Colorado Sheriffs Sue Over New Gun Control Laws

Posted: Mar 21, 2013 11:07 AM

Yesterday Democratic Colorado Governor John Hickenlooper signed sweeping new gun control legislation into law prohibiting ammunition magazines capable of holding more than 15 rounds and criminalizing the transfer of private firearms. Before Hickenlooper's signing, Colorado's Weld County Sheriff John Cooke explained that the new law is pretty much unenforceable and confusing:

Weld County Sheriff John Cooke said he won’t enforce either gun-control measure waiting to be signed into law by Gov. John Hickenlooper, saying the laws are “unenforceable” and would “give a false sense of security.”

Cooke said Democratic lawmakers are uninformed but are scrambling in reaction to recent tragedies in the nation.

“They’re feel-good, knee-jerk reactions that are unenforceable,” he said.

Cooke said the bill requiring a $10 background check to legally transfer a gun would not keep firearms out of the hands of those who use them for violence.

“Criminals are still going to get their guns,” he said.

Cooke said the other bill would also technically ban all magazines because of a provision that outlaws any magazine that can be altered. He said all magazines can be altered to a higher capacity.

Cooke said he, like other county sheriffs, “won’t bother enforcing” the laws because it will be impossible for them to keep track of how the requirements are being met by gun owners. He said he and other sheriffs are considering a lawsuit against the state to block the measures if they are signed into law.

Now, a lawsuit is being filed in federal against the state on behalf of sheriffs who were ignored during debate about the legislation.

The lead plaintiffs are sheriffs from around Colorado. They claim the laws violate not only the Second Amendment, the right to keep and bear arms. but the 14th Amendment which requires laws to be easy to understand.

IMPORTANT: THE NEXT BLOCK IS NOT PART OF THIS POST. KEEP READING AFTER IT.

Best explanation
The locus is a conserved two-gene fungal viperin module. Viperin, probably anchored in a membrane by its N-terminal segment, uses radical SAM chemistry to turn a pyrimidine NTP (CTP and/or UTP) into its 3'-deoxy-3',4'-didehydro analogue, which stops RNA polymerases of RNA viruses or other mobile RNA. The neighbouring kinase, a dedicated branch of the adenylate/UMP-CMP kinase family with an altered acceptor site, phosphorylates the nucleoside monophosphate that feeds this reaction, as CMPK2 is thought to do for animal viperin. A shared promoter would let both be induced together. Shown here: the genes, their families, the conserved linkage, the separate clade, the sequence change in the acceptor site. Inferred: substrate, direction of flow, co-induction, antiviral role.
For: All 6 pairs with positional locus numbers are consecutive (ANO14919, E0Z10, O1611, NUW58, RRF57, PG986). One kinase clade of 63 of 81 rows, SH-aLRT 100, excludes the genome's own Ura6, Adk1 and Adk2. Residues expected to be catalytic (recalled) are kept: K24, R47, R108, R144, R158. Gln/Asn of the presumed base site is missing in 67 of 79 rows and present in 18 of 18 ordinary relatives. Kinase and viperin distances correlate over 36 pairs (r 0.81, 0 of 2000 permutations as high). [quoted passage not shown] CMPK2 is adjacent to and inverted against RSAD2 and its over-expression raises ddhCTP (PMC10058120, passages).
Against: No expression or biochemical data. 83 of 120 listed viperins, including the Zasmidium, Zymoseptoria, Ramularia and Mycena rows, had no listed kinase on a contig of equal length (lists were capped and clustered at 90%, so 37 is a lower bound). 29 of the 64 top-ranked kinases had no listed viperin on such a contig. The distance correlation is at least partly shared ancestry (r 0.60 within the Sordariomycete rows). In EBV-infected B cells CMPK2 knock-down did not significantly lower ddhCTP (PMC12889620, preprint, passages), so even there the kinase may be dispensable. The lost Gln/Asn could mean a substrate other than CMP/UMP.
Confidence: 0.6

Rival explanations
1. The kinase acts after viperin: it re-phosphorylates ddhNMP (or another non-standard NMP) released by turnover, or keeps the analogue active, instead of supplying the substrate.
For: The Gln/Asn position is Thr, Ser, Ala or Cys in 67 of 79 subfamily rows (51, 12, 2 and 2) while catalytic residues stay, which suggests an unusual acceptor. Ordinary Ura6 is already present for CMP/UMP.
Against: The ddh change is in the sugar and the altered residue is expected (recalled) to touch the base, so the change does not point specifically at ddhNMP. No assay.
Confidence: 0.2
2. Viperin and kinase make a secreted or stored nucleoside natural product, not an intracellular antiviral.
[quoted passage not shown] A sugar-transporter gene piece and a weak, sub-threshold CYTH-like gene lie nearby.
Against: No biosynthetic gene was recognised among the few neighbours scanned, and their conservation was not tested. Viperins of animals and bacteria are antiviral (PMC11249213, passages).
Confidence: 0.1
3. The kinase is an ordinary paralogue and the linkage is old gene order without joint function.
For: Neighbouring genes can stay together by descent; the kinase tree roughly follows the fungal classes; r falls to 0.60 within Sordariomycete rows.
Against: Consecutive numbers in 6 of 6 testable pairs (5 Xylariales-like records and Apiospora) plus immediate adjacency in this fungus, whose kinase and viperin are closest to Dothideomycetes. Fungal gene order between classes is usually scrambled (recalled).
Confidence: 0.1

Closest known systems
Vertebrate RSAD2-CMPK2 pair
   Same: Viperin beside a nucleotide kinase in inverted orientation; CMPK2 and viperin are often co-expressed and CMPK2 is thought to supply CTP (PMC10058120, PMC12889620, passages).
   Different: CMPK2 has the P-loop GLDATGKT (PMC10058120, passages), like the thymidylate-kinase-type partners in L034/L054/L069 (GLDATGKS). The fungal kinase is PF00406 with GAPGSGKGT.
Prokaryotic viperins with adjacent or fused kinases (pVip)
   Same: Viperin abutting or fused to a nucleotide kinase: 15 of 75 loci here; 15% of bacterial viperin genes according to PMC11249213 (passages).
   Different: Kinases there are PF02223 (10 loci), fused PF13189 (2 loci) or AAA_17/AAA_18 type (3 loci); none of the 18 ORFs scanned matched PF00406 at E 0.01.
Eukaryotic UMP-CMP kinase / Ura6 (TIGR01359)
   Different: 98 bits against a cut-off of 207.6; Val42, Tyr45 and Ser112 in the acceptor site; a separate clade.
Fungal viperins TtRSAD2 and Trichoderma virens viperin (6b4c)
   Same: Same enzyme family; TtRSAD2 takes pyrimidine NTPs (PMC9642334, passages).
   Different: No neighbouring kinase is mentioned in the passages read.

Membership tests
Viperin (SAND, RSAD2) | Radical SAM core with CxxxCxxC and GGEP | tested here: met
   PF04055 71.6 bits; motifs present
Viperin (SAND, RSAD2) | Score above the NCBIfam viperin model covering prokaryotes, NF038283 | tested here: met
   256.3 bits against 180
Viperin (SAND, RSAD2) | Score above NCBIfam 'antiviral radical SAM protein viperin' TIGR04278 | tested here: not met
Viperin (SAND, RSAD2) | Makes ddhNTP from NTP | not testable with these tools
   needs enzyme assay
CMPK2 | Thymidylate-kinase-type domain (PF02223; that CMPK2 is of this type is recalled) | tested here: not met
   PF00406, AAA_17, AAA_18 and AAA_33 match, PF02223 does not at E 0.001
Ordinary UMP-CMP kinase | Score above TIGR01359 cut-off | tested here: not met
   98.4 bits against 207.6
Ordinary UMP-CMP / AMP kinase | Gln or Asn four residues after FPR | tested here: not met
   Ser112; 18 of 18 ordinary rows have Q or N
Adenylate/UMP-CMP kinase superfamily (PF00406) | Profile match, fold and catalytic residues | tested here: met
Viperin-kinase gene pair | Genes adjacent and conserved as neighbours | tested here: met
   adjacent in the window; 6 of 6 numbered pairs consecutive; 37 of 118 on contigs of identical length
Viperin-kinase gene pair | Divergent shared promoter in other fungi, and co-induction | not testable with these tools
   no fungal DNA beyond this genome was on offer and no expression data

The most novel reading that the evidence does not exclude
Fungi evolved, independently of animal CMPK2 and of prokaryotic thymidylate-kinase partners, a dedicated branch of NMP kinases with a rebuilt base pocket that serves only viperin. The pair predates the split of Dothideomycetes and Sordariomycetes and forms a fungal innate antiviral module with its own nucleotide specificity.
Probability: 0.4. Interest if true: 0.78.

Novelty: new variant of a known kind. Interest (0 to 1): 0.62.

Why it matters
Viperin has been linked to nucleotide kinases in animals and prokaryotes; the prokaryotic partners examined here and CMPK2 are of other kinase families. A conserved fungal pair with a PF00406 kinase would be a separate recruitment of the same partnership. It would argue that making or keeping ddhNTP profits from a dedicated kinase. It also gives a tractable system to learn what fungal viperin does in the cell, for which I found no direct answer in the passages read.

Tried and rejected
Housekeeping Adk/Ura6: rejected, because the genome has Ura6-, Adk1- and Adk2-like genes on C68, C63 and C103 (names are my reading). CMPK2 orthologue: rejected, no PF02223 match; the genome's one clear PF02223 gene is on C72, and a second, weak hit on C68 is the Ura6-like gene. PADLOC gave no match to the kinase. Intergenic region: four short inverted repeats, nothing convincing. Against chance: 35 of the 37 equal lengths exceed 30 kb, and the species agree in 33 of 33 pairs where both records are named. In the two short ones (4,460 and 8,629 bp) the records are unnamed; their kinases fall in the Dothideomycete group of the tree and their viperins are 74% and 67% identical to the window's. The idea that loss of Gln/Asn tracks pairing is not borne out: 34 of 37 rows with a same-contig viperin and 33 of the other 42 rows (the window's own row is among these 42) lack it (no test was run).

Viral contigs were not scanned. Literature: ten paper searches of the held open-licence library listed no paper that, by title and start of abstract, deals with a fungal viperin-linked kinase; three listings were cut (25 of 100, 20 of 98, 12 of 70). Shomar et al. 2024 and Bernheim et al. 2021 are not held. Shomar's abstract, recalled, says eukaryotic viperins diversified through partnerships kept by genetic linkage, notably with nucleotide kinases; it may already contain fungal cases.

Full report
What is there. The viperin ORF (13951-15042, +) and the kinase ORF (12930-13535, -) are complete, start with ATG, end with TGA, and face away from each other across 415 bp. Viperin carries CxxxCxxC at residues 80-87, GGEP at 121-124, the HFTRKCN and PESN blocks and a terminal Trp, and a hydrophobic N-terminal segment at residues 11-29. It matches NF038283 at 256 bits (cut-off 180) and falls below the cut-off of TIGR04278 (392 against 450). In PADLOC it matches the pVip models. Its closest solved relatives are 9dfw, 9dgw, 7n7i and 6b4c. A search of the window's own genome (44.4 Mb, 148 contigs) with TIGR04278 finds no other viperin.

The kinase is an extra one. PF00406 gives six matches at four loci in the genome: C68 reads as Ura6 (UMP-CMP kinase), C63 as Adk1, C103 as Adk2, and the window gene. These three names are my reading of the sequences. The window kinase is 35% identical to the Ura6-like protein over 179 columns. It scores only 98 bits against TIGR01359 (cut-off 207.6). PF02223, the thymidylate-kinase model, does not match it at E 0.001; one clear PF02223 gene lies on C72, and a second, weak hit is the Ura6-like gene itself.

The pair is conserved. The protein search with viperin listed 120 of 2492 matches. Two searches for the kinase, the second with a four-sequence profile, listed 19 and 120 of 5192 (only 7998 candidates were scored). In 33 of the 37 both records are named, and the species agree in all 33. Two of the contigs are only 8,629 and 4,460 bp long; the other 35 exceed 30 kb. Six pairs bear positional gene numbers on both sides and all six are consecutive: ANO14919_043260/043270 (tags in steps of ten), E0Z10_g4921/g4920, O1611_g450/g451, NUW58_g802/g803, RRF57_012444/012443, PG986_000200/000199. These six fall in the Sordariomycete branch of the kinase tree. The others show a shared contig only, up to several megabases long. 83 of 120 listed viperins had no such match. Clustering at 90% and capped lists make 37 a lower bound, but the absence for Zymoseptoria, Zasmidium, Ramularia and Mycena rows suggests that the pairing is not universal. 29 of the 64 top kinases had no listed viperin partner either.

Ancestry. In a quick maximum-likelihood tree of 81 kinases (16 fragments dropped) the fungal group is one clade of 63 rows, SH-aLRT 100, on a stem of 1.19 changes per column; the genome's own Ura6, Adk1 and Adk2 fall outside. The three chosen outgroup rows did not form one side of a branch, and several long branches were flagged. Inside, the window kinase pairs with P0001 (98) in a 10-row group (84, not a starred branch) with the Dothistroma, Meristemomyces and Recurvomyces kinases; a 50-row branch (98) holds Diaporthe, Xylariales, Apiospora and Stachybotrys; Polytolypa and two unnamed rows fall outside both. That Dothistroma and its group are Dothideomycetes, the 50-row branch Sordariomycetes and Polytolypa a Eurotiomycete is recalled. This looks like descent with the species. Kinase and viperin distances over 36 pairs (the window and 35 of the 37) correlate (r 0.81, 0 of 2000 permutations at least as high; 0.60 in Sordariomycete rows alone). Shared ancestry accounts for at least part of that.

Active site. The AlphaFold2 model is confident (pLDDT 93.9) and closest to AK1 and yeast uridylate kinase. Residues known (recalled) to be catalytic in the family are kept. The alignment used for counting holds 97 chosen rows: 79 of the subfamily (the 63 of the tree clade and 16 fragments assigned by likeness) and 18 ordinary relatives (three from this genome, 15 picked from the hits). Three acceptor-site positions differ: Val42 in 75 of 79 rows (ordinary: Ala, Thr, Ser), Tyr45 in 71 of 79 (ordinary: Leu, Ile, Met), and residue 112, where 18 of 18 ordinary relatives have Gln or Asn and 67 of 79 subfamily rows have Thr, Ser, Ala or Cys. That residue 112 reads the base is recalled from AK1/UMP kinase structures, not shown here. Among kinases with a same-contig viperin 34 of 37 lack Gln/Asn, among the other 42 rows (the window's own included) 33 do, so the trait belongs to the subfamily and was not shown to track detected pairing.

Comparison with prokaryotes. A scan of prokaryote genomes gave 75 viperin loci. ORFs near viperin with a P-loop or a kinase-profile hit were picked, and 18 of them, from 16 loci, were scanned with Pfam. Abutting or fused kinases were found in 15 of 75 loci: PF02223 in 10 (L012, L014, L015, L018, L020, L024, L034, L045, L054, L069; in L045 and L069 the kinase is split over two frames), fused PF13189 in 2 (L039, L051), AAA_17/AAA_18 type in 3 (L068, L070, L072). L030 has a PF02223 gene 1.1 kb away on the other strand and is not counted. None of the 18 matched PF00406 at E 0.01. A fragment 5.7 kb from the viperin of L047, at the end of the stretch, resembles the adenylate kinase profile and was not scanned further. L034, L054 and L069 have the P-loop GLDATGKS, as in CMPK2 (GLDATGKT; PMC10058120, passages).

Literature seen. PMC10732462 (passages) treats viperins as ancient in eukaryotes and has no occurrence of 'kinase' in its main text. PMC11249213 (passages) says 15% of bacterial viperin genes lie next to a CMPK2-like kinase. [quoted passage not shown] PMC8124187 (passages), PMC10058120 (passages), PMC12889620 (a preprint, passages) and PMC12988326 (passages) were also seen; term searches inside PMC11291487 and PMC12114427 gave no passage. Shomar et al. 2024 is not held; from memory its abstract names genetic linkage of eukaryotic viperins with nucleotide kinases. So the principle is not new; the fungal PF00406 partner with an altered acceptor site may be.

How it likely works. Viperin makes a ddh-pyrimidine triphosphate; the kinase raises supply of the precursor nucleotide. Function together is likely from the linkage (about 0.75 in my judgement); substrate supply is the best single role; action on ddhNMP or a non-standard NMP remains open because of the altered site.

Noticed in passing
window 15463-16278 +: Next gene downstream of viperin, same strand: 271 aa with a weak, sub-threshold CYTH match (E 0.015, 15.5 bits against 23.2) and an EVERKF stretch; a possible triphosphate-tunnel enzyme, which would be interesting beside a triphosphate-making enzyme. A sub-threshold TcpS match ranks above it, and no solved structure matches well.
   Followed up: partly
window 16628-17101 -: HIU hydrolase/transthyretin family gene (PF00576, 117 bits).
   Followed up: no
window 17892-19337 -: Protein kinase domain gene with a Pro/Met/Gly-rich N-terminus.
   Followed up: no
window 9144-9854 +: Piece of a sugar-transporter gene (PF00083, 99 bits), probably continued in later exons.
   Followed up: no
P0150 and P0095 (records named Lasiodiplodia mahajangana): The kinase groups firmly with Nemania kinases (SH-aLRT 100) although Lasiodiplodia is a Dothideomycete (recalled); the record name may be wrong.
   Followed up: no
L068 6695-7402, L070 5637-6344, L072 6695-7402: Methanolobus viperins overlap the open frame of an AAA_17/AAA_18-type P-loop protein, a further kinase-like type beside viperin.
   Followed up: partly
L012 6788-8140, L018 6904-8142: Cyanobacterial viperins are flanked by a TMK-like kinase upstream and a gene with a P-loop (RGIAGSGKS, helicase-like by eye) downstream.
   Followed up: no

Even Hickenlooper felt the need to clarify the language after he signed the bills into law.

“Any highly contentious bill is never going to be perfect,” said Hickenlooper.

“What we wanted to do is just provide a little clarity,” said Hickenlooper.

That is something many sheriffs around Colorado believe is missing from the laws.

“The governor refused to meet with them, the legislature ignored them so their claims now will be heard in federal court,” said Independence Institute spokesman Dave Kopel.

“And as the sheriffs have repeatedly said these laws are not enforceable,” said Kopel.

Kopel said Hickenlooper knows it because his staff called the Independence Institute hours before the signing for “clarity.”

“In a way his signing statement where he tries to fix the defective statute underscores the defectiveness of the statute,” said Kopel.

Meanwhile MagPul, a Colorado based company that produces ammuntion magazines at a standard 30-round size, is leaving the state and taking 300 jobs with it.

We have said all along that based on the legal problems and uncertainties in the bill, as well as general principle, we will have no choice but to leave if the Governor signs this into law. We will start our transition out of the state almost immediately, and we will prioritize moving magazine manufacturing operations first. We expect the first PMAGs to be made outside CO within 30 days of the signing, with the rest to follow in phases. We will likely become a multi-state operation as a result of this move, and not all locations have been selected. We have made some initial contacts and evaluated a list of new potential locations for additional manufacturing and the new company headquarters, and we will begin talks with various state representatives in earnest if the Governor indeed signs this legislation. Although we are agile for a company of our size, it is still a significant footprint, and we will perform this move in a manner that is best for the company and our employees.

It is disappointing to us that money and a social agenda from outside the state have apparently penetrated the American West to control our legislature and Governor, but we feel confident that Colorado residents can still take the state back through recalls, ballot initiatives, and the 2014 election to undo these wrongs against responsible Citizens.


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